The timing diagram of FIG. 6 clarifies the concept. An initial pulse 230 from generator 12 is applied to each of the delay units 210, 212, and 214. The delay associated with unit 210 is the smallest and that associated with unit 214 is the largest. After the time delay associated with delay unit 210, called Delay No. l, a base line pulse 232 is received by pulse detector 34. The base line pulse is a reflected pulse and arises because of a deliberate mismatch between the interconnecting cables and each sensor. The base line pulses serve as time reference points and eliminate the necessity of precise and highly stable delay units. After receiving base line pulse 232, reflected pulses 234 and 236 associated with sensor 220 are received. Pulse 234 is the surface reflected pulse and pulse 236 is reflected from the end of transmission line sensor 220. After the time delay associated with delay unit 212, called Delay No. 2, a second base line pulse 238 and two reflected pulses 240 and 242 from sensor 222 are received by detector 34. After the time delay associated with'delay unit 214, called Delay No. 3, a third base line pulse 244 and two reflected pulses 246 and 248 are received by detector 34. The time t, in each case is the time between a base line pulse and the first of the associated reflected pulses; the time t, t, in each case is the time between associated surface-reflected and end-of-theline pulses.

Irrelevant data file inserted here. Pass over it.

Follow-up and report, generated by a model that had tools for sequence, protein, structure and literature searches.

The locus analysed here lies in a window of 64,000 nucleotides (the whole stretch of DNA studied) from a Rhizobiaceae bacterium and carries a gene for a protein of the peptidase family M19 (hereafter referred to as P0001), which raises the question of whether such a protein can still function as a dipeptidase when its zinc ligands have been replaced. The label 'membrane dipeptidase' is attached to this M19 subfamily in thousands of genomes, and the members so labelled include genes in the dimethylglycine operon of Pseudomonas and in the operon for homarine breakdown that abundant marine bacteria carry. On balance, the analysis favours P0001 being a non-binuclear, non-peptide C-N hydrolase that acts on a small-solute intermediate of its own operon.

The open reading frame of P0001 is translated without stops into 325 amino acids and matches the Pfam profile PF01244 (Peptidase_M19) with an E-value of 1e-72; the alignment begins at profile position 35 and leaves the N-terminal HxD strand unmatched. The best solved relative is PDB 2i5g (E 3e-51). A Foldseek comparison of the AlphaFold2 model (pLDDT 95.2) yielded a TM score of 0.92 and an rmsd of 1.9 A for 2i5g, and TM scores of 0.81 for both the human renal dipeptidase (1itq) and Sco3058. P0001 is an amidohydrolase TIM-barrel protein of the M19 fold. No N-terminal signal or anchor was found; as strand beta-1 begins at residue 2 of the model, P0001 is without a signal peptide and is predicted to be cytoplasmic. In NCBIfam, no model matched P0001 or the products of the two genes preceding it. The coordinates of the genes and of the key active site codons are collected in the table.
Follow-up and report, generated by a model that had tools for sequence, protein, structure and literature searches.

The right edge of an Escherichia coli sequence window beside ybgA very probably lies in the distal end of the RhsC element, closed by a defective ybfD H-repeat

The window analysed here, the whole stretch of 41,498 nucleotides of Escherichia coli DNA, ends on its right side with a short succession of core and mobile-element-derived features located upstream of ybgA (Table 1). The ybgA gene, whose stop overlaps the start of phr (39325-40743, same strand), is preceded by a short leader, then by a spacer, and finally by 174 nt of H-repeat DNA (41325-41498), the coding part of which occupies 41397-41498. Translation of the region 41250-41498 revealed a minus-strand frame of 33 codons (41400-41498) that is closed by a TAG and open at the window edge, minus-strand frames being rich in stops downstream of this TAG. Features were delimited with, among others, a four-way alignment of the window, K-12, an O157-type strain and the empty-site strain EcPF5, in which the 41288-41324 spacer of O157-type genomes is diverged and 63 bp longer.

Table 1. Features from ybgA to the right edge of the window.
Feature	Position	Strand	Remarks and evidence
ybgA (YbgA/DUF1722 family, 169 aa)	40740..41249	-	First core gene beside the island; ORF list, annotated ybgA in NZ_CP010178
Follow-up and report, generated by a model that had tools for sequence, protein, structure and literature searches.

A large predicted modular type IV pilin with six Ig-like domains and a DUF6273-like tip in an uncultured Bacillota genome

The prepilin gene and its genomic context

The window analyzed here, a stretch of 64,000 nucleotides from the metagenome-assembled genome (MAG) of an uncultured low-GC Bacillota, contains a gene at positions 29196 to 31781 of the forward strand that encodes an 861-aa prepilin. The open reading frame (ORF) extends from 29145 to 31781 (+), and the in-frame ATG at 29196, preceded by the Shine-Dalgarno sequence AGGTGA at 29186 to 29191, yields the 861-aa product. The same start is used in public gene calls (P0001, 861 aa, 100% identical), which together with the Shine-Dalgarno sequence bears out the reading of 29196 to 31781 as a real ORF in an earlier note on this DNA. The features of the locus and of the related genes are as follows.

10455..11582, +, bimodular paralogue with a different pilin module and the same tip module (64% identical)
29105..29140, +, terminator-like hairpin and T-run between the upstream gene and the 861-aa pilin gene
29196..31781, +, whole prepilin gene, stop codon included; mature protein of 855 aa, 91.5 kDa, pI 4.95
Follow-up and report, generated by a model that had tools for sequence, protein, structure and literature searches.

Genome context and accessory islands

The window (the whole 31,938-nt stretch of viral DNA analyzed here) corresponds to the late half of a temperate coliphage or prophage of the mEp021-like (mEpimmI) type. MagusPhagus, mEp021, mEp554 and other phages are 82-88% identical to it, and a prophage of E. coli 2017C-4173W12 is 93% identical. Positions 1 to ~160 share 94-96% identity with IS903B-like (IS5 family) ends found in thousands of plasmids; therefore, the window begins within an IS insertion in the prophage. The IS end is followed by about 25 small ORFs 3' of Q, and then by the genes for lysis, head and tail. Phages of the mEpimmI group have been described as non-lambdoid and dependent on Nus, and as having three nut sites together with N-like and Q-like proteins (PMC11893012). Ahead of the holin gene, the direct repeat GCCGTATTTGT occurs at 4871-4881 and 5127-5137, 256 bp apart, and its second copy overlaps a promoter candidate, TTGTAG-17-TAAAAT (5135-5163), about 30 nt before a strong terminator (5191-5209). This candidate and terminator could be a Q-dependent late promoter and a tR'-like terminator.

Various modifications can be made to the invention as shown by those skilled in the art.

I claim: 1. Apparatus for measuring the weight of fluid in a tank, comprising:

an electrical transmission line of predetermined length adapted to be mounted in the tank and open to the fluid; means for applying electrical pulses to one end of the line, an applied pulse being reflected at the surface of the fluid and at the other end of the line; means for measuring the time between an applied pulse and the corresponding surface-reflected pulse and the time between the surface-reflected pulse and the corresponding end-of-the-linereflected pulse; means responsive to the two measured times for computing each of the volume, density, and mass of the fluid, the volume of the fluid being a function of the first time, the density of the fluid being a function of both the first and second times, and the mass of the fluid being a function of the volume and density.